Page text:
If someone wants to break their plugin, it's pretty much impossible to prevent them from doing so. Just don't add an event variable called "event_name". Also, it's not really event variable, we're simply passing the event's name as a keyword argument to the callback function, what's wrong with that? ^^ To be honest the implementation I made should be changed to directly pass it as a keyword argument instead of adding it to the dict in between. (and then unpacking the dict)

Ayuto wrote:The GameEvent object gets lost and thus it's methods.
I don't see the issue here, dicts are quite unarguably stronger structure than the GameEvent object. Sure we could do the __getitem__ approach, but is there an actual reason to? Other than someone naming their variable event_name, which is their problem. (in my opinion)

Ayuto wrote:If you want to use an event variable as a parameter and not through the kwargs, you are force to use the same name. This is problematic, because you can't use event variables that contain invalid characters (e.g. spaces). This can also break the coding convention (e.g. the "Priority" event variable).
This isn't problematic at all, this is fantastic! Remember that all of the other options require you to always access the event variables through a dict or an object. We now have the upside of usually getting to access it through the parameters instead! So yeah, if there are spaces in the name, we lose the upside of using parameters, but usually we have the luxury of kwargs.
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Postby Ayuto » Wed Oct 28, 2015 8:44 pm

Mahi wrote:If someone wants to break their plugin, it's pretty much impossible to prevent them from doing so. Just don't add an event variable called "event_name".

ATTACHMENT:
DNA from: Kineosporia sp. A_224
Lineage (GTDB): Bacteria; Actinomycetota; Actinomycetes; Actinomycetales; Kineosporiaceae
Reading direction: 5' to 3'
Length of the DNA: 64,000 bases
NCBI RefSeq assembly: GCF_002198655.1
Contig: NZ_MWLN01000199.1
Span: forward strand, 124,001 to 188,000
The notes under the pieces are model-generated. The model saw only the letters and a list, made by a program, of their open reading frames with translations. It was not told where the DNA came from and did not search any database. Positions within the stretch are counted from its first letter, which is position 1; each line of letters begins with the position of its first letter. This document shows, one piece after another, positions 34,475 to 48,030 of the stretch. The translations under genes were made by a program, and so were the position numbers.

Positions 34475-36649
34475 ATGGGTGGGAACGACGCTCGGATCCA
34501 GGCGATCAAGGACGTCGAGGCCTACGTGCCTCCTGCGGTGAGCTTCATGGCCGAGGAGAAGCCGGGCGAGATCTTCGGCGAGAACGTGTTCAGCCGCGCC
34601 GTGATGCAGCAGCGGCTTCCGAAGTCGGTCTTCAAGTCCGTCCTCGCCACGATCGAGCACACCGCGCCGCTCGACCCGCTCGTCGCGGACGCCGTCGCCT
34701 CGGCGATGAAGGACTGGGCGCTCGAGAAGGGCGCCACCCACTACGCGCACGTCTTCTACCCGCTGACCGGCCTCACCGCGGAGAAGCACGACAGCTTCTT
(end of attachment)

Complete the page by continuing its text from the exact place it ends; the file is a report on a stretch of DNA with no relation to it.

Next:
Well, that's an unnecessary restriction that could be prevented easily. Moreover, you can't make sure that other server plugins create an event with an "event_name" variable that you want to listen to with SP.

Mahi wrote:Also, it's not really event variable, we're simply passing the event's name as a keyword argument to the callback function, what's wrong with that? ^^
Exactly, it's not an event variable. And that's why it shouldn't be added to the dict that should only contain event variables.

Mahi wrote:To be honest the implementation I made should be changed to directly pass it as a keyword argument instead of adding it to the dict in between. (and then unpacking the dict)
Since you would always pass the event name, it's a positional argument and not a keywords argument. Moreover, it would introduce another issue. See this example:[PYTHON]def f(event_name, userid, **kwargs):
print(event_name, userid, kwargs)

event_variables = dict(userid=2, event_name='asd')
event_name = 'my_event'
f(event_name, **event_variables)[/PYTHON]Output:

Code: Select all

TypeError: f() got multiple values for argument 'event_name'


Mahi wrote:
Ayuto wrote:The GameEvent object gets lost and thus it's methods.
I don't see the issue here, dicts are quite unarguably stronger structure than the GameEvent object. Sure we could do the __getitem__ approach, but is there an actual reason to? Other than someone naming their variable event_name, which is their problem. (in my opinion)